Lunar Boogie (The Hat #4) by C.S. Boyack #bookreview #urbanfantasy #paranormal

Lizzie and the hat are back in action, only this time they’re up against the most tragic monster of all, a werewolf.

This adventure is more like hunting an animal, and the werewolf is unlikely to come to any of their musical performances. This puts Lizzie out in the dark corners and wooded areas of the city. It may be more beneficial to get the monster to hunt Lizzie than to stalk him on his own turf. All she has to do is be quicker on the trigger than the wolf is on his feet.

At the same time, the police think they’re after a serial killer. Lizzie tries to keep them alive while also keeping them out of her way. As the body count rises, so do the pressures. It doesn’t help that people are blaming Lizzie and the hat for the killings. This involves an urban myth about them that the locals call Hellpox.

Pull on your boogie shoes and join the hunt. Designed as an afternoon read, this one is tons of supernatural fun.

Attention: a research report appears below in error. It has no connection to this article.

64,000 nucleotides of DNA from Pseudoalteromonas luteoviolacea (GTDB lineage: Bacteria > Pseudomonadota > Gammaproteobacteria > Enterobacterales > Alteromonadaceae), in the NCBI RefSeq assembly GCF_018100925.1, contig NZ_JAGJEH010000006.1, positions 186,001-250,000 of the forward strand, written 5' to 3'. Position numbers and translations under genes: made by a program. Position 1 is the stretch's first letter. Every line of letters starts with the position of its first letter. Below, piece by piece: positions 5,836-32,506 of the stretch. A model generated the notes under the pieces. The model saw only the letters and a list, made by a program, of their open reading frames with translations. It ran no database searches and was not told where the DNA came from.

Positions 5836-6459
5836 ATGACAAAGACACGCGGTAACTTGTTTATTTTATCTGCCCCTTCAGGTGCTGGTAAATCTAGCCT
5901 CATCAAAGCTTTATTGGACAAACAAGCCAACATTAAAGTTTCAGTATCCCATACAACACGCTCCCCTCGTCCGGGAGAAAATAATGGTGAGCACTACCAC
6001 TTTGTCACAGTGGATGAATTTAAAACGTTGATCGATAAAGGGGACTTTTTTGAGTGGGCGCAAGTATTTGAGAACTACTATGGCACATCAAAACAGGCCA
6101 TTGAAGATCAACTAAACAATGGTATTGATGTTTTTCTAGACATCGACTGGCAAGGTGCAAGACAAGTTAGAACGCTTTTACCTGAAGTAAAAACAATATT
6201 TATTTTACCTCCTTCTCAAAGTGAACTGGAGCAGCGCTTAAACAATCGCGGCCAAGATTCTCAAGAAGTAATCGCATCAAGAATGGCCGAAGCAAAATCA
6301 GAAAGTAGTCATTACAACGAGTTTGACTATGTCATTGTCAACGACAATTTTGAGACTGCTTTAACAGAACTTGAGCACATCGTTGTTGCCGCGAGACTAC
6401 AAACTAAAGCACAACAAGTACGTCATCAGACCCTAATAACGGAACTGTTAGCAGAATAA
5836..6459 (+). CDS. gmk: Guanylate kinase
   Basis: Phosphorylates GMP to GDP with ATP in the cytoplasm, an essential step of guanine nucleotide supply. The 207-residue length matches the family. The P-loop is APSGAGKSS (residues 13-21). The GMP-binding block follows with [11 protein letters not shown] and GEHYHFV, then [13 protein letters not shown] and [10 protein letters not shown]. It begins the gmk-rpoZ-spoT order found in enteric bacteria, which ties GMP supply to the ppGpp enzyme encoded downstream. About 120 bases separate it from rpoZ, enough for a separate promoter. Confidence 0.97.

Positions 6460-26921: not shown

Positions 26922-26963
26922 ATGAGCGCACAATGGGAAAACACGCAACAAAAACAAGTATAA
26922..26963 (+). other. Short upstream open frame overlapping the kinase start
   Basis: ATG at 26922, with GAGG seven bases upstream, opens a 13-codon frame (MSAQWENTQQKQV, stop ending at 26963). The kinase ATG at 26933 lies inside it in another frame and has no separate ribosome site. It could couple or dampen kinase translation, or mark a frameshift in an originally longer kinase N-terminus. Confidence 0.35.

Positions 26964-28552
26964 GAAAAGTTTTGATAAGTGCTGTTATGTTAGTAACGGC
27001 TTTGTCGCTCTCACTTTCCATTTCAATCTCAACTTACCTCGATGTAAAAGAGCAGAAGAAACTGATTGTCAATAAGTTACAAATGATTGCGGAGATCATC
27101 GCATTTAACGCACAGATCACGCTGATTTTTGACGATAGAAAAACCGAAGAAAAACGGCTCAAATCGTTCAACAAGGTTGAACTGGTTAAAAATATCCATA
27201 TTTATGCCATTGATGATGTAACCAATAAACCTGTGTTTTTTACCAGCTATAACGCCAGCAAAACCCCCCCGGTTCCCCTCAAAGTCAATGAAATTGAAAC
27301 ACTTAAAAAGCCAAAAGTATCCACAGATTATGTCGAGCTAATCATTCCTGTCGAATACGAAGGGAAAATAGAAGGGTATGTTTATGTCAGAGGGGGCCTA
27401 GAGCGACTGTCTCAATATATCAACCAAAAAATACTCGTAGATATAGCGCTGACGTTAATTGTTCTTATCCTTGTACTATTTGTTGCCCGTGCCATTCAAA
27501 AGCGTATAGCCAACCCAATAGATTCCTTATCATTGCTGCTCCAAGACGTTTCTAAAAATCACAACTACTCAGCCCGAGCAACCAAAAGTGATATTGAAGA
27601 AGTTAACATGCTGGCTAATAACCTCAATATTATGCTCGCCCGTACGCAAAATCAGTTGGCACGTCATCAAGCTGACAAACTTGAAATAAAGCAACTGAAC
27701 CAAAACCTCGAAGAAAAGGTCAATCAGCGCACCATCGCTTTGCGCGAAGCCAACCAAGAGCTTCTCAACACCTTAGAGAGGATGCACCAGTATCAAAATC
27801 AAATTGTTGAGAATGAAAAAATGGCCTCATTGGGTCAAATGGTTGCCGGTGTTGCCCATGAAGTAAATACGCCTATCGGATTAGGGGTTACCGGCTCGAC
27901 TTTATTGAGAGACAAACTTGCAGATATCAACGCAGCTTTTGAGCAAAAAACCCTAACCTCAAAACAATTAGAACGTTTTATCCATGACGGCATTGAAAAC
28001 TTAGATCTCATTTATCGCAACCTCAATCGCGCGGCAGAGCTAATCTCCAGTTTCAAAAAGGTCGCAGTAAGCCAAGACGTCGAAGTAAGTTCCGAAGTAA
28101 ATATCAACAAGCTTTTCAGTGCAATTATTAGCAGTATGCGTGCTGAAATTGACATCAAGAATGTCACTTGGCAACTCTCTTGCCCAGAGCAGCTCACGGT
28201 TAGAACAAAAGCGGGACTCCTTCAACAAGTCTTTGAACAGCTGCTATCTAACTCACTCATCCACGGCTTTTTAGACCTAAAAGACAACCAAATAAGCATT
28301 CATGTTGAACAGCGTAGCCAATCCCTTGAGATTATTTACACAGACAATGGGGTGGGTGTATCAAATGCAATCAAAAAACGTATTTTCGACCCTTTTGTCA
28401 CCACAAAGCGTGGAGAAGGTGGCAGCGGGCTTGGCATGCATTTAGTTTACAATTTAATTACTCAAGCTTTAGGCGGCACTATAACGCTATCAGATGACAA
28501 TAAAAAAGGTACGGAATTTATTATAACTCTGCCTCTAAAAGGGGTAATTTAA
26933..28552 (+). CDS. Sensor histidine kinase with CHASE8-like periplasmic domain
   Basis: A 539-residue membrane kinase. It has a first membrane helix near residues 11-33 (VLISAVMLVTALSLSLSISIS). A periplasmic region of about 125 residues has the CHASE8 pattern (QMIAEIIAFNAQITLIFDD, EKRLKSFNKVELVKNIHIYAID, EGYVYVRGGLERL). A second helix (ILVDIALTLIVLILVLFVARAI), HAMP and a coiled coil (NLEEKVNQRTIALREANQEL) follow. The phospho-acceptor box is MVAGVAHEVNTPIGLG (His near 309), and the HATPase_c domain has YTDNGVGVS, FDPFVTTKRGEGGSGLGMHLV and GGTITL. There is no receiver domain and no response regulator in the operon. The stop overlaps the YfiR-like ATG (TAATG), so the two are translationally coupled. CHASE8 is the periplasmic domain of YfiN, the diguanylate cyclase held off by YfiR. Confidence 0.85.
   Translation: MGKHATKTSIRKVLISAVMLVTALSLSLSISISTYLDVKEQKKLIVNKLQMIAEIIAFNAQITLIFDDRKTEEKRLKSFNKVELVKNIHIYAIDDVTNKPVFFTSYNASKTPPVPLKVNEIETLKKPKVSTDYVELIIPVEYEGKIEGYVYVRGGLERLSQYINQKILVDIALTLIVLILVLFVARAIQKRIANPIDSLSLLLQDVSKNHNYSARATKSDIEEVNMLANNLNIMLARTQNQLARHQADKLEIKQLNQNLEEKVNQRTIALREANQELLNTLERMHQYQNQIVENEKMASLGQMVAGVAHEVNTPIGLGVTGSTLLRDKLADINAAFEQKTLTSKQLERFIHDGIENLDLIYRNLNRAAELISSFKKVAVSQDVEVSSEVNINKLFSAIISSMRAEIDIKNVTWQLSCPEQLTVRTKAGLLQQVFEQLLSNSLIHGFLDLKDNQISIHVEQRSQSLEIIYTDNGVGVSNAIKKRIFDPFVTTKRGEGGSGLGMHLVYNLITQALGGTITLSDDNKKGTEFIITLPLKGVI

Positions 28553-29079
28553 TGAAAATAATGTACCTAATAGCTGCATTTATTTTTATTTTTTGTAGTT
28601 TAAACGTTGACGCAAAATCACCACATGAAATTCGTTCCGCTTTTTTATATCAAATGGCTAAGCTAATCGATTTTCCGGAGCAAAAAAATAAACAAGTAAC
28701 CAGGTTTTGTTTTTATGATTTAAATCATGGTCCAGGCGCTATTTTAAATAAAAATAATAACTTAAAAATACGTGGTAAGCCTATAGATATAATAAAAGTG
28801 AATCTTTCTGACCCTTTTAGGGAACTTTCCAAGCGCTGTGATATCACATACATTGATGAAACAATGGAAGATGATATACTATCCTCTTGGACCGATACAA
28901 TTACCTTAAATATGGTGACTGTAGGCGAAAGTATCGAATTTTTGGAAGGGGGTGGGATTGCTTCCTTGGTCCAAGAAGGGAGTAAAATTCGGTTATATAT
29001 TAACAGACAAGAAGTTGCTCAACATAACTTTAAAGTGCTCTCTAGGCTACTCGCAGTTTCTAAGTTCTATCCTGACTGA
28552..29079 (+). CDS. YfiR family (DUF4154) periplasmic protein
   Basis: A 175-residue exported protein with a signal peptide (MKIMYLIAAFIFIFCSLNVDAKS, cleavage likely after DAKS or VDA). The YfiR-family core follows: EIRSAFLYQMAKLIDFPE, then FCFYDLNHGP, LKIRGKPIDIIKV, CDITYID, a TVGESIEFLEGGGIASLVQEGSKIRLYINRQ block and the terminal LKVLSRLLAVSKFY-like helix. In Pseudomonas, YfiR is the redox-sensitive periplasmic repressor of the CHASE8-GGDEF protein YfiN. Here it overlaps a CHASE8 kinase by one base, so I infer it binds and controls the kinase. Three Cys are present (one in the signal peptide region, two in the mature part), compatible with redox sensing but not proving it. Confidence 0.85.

I’ve been a fan of this paranormal series from the first book, so I was excited to spend some more time with Lizzie and my favorite hat.

The plot is centered around the Sausage Maker, who racks up a few bodies by the end of book. In addition to Lizzie and the hat’s search for the culprit, police lieutenant Joe Yoder is also in pursuit. My heart went out to Joe, who’s still grieving his wife’s death but continues to talk to her.

One of my favorite things about this series is the clever banter between Lizzie and the hat, and it’s always good for several laughs. Another moment that caused me to let out a very undignified snort was vampire Kevin and his sign regarding the Sausage Maker. Trust me – you’ll just have to read it. I was happy to see him make another appearance in this series and hope to see more of him in the future.

Many reviewers have mentioned this book ventures into a darker territory than the others, and that’s fine with me. I’m a fan of dark stories, and I’m anxious to see where the author takes us next. All of these quick reads can be read as standalones, but I’d recommend reading them in order. If you’re a fan of quirky paranormal stories with a dose of humor, you can’t go wrong with this series.

Nubia: The Awakening by Omar Epps and Clarence A. Haynes #bookreview #YA #fantasy #dystopian

From beloved actor and producer Omar Epps and writer Clarence A. Haynes comes the biggest epic fantasy of the year. A powerful saga of three teens, the children of refugees from a fallen African utopia, who must navigate their newfound powers in a climate-ravaged New York City. Perfect for fans of Black Panther and Children of Blood and Bone.